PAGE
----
My name is Ritchi Edwards and I’m an award-winning actor, runner, animal lover, movie lover, gamer and an official voice & advocate for the Born Free Foundation. I was born with one hand (Stumpy is his name) & ADHD. I find referring to him as ‘him’ and having a name has helped a lot! I’ve always approached having one hand with a sense of humour I find it helps others feel at ease knowing they can ask about my upper limb difference.
My mother told me a story recently of how she was invited to go to the local hospital when I was just 6 months old to speak to a young lady who had just had a child with one hand like myself & who wasn’t dealing with it very well. My mum told her not to focus on what she thought the child wouldn’t be able to do but instead focus on what they would be able to do and what they most definitely would be able to achieve, I think that is incredibly important and very wise words from my mum.
In the 90’s I attended Reach events as a child and I have some memories that have really stuck, like sitting around a table eating food with other children who looked just like myself. I was the only one hogging the wotsits though, singing songs and meeting Santa! My Nan and Grandad used to help hugely with the raffle prizes at the events, I’m so grateful to have a very supportive family, which has continued to this very day with everything that I do!
When I was younger I used to walk round with a hat on Stumpy or even pulling my sleeve over him hiding him because I was afraid of being looked at or stared at. Now I realise with more confidence that there was no need to hide something which is a part of me, I should never have been ashamed of him being seen, easy to say now though!
I knew I was a little different and as my confidence grew I started to embrace Stumpy a lot more and I think that’s incredibly important that we embrace our difference, not feel sad over it. Having an upper limb difference doesn’t define who we are and I think it’s incredibly important what my mum said… that we focus on what can be done instead of what can’t. I know so many thoughts will go through the parents head and I promise as a person with an upper limb difference that everything will be okay, and I hope through reading this, this will instill some hope in you, that okay there will be challenges, but we all face challenges in life, no matter who we are.
I was urged to go to Theatretrain, a weekend drama school by my Mum & Nan when I was young. At first I was hesitant because my self confidence was still pretty low, I came to tears often on how low my self confidence was, but I owe a lot to the acting world as it has set me free as a person, and a person with an upper limb difference. I have done shows on the Londons West End portraying the Beatles Manager Brian Epstein, local productions with the Braintree Dramatics Society and after doing stage work I moved on to film, gaining friends in the film world from Charles Venn (Casualty), Joe Altin (Game Of Thrones) and Leee John of Imagination.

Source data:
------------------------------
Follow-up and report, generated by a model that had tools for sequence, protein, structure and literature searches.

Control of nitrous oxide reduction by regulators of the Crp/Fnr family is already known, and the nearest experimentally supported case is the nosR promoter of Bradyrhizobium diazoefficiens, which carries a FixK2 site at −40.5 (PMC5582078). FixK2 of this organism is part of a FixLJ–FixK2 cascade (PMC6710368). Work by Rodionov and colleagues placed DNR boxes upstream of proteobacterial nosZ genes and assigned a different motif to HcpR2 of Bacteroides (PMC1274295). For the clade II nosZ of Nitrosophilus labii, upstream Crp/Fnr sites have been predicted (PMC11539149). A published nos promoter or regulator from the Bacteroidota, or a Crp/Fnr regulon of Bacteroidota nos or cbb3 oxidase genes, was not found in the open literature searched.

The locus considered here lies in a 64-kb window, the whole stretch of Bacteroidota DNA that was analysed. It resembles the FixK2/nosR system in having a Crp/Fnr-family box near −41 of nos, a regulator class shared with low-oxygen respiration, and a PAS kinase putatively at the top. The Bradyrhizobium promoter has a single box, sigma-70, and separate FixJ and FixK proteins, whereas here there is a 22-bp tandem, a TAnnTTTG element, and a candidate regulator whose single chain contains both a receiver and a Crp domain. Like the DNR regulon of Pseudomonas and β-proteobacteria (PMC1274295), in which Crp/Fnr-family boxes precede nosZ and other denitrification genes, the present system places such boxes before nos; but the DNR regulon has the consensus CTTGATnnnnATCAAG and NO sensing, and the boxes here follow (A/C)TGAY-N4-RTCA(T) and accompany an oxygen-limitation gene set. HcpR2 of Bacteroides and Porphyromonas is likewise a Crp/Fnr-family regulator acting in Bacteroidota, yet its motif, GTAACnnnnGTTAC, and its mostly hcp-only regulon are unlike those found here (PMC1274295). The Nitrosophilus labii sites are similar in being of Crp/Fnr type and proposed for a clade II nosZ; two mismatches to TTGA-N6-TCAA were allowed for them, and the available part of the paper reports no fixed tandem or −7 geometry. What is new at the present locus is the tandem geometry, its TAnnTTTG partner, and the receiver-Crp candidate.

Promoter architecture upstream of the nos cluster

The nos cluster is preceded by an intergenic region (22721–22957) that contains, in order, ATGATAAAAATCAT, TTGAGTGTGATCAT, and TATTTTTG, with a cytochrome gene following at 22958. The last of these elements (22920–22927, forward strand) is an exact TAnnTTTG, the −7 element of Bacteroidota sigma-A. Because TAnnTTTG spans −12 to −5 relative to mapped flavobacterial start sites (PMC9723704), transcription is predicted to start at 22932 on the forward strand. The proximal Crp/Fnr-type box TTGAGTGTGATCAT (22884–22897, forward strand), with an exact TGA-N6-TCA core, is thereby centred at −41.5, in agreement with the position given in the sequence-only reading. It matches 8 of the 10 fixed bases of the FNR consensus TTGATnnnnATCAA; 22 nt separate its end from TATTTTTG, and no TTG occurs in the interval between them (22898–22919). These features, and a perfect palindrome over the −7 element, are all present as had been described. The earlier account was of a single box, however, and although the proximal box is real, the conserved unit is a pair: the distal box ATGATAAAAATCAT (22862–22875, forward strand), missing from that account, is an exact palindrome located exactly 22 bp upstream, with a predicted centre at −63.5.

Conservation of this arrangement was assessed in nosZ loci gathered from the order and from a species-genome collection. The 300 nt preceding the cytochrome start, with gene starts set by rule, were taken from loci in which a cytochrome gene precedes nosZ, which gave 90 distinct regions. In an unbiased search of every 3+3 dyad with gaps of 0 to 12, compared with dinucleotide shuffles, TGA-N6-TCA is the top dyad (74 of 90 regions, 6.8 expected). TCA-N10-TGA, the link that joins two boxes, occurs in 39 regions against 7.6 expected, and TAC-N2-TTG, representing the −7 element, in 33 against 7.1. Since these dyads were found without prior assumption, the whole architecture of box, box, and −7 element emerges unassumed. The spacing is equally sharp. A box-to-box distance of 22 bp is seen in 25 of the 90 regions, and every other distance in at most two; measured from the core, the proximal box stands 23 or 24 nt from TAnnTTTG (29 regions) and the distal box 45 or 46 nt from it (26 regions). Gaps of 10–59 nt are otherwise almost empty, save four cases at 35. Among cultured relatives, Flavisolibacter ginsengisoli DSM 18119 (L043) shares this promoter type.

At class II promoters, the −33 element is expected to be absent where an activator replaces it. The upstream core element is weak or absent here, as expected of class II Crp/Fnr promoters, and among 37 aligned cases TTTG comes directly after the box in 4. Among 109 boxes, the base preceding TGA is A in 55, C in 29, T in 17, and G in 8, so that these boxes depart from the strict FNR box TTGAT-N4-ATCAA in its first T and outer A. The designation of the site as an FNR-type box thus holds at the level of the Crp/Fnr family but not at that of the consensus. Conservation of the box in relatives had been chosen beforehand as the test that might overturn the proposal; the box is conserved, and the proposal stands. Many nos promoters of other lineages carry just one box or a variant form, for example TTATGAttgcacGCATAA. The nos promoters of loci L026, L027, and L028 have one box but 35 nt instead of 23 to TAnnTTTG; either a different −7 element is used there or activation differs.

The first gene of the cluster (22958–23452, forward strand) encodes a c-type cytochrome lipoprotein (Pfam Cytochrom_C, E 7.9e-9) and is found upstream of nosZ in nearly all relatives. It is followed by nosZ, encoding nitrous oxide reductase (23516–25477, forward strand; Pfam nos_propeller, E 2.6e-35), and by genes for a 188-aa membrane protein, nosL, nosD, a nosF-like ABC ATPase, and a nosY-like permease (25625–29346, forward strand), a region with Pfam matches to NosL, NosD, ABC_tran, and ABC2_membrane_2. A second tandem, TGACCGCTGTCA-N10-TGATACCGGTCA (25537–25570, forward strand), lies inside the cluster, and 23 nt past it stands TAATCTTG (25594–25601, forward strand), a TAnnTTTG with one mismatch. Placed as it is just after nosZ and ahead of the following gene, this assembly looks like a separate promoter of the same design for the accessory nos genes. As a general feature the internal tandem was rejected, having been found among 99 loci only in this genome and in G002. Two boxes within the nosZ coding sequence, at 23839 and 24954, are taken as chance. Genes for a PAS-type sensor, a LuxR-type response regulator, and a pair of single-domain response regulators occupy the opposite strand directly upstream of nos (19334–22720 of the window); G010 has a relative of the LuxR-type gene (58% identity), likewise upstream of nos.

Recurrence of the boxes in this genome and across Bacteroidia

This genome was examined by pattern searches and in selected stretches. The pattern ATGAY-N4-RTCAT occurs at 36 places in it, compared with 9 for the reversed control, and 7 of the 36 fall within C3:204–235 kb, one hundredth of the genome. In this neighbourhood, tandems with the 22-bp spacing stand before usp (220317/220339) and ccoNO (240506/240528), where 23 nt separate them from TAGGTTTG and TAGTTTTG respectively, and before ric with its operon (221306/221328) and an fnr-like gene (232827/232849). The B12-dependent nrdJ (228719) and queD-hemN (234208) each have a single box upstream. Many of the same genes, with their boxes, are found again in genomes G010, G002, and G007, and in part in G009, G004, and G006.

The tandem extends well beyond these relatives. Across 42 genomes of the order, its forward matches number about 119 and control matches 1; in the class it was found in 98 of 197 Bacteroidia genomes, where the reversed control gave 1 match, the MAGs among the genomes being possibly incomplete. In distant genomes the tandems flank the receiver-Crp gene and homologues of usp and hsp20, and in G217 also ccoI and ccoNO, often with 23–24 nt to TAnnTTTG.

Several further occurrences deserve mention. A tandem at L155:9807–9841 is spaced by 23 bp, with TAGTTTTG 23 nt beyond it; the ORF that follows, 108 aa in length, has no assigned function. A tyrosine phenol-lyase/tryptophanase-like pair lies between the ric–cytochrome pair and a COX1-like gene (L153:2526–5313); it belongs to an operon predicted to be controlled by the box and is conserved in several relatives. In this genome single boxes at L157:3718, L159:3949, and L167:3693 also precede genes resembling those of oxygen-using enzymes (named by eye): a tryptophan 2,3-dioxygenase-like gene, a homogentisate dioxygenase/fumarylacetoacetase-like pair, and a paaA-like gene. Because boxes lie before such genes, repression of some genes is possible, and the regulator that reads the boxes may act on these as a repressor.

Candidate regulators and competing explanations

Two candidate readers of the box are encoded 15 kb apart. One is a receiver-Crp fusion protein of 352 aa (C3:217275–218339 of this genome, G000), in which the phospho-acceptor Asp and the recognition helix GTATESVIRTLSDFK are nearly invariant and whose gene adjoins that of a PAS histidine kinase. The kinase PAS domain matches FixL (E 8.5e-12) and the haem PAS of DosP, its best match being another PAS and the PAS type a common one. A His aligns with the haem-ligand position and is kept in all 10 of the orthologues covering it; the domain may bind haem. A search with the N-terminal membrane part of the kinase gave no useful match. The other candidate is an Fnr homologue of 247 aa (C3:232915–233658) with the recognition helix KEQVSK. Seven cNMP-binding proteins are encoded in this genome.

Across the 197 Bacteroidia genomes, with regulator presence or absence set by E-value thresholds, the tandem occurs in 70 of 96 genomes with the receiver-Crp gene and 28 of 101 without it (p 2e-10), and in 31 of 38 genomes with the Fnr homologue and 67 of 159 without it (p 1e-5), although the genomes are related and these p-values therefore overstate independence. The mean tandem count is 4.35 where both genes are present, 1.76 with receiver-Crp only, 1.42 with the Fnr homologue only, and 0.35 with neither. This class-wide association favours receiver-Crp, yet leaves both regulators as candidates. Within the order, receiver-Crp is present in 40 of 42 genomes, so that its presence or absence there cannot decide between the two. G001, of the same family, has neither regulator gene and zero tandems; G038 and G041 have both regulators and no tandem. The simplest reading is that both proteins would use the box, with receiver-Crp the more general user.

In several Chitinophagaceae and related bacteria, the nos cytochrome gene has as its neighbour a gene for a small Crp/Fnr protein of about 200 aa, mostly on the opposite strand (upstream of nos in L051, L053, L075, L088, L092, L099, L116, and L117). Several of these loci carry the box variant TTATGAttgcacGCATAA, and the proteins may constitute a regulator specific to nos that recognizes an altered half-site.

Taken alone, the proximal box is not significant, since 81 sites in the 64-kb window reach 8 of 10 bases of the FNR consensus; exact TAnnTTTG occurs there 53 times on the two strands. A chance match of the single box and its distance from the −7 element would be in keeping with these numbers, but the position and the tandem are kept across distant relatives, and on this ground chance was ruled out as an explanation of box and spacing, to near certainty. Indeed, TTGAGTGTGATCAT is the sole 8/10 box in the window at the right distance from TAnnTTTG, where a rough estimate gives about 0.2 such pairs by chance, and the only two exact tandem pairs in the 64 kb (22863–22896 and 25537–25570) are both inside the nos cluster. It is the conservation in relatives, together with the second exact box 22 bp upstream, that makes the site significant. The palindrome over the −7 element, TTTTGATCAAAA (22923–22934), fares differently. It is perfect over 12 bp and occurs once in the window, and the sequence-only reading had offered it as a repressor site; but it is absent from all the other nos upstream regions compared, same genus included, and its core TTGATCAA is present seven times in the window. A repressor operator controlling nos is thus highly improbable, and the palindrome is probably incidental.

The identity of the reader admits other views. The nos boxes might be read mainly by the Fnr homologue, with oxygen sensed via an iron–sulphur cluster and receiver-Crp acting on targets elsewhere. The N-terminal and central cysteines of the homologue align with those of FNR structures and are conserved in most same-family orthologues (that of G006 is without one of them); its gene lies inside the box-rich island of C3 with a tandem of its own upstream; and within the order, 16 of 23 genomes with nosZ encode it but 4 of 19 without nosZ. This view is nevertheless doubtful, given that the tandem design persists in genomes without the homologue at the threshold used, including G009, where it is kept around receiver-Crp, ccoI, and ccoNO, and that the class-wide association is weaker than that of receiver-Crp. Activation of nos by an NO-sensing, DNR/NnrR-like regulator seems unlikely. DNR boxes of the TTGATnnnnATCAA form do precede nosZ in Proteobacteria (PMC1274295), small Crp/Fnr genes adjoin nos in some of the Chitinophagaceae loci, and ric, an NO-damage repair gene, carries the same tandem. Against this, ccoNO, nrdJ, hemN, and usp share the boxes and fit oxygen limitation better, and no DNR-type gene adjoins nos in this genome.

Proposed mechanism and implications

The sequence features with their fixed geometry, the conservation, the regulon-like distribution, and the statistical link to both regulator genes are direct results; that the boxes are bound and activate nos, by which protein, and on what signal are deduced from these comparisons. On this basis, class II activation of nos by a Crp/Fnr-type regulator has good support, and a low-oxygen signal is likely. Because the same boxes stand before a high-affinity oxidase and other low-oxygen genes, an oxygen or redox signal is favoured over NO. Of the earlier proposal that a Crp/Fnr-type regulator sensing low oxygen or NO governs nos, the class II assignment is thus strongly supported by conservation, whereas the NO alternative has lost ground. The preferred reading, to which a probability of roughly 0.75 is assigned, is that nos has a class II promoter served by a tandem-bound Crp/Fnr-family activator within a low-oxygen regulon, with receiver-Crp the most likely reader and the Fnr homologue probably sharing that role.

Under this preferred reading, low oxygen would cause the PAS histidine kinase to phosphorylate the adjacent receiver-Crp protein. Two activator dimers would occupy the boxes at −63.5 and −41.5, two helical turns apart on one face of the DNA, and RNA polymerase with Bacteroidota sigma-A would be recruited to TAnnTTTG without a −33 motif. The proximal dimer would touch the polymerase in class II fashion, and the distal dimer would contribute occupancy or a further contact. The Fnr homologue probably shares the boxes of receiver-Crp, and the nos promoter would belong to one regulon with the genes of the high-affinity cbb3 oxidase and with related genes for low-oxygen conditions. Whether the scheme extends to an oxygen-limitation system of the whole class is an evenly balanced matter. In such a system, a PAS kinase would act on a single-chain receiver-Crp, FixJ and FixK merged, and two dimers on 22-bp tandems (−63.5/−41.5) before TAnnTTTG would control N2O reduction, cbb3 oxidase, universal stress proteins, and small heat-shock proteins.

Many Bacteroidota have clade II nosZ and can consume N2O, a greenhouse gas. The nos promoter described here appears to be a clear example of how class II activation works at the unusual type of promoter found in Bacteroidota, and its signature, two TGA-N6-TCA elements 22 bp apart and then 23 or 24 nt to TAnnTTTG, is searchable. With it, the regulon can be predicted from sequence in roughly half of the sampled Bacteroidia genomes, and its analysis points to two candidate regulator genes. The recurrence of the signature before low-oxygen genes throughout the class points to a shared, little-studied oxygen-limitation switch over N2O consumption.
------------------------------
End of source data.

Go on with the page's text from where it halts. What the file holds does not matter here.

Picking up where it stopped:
I’m so grateful as a one handed actor to of had some great opportunities, and having a friend and agent Donna who believes in my vision as a one hand actor, and I hope I can continue to inspire as I go along my journey. One of the highlights for me within my life and career that I’ll always carry with me, is starring as British War Veteran AL in Homeless Ashes (available worldwide on Amazon Prime Video, iTunes, Google Play) which had it’s world premiere at the prestigious BAFTA & The Academy qualifying Raindance Film Festival. filming Homeless Ashes gave me a great stage as an actor with an upper limb difference and gaining great friends for life will always be a highlight in my career.
I’ve just recently finished on Witch, playing Nicholas, working with some of the Homeless Ashes family! I’ve moved away from calling myself disabled as I feel the word can hold major limitations and I feel the word ‘difference’ has a much more positive feel to it, and instills more hope within the difference society. This is one of the many things that I love about Reach, they call it an upper limb difference, not an upper limb disability!
My vision as an actor is to play characters that aren’t just there because they are visually different, but a character like any other, while bringing awareness to the difference & upper limb difference society! We know differences are there it doesn’t have to be pointed out unless it’s truly vital to the story and character, that’s my mindset.
The best mindset is ‘to be the best we can be’ and that’s what I believe needs to be adopted! People will stare and people will be curious, but it’s my understanding that it’s just human nature to be curious, it is another thing when people mock. People tend to mock what they don’t understand, what they don’t realise is that we are stronger than they’ll ever be able able to comprehend!
I’m very excited to be attending and taking part in the Reach Annual Family Weekend on Saturday 22nd October, I can’t wait to meet others like myself in the upper limb difference society!
If you wish to find out more about me please do take a look in my Linktree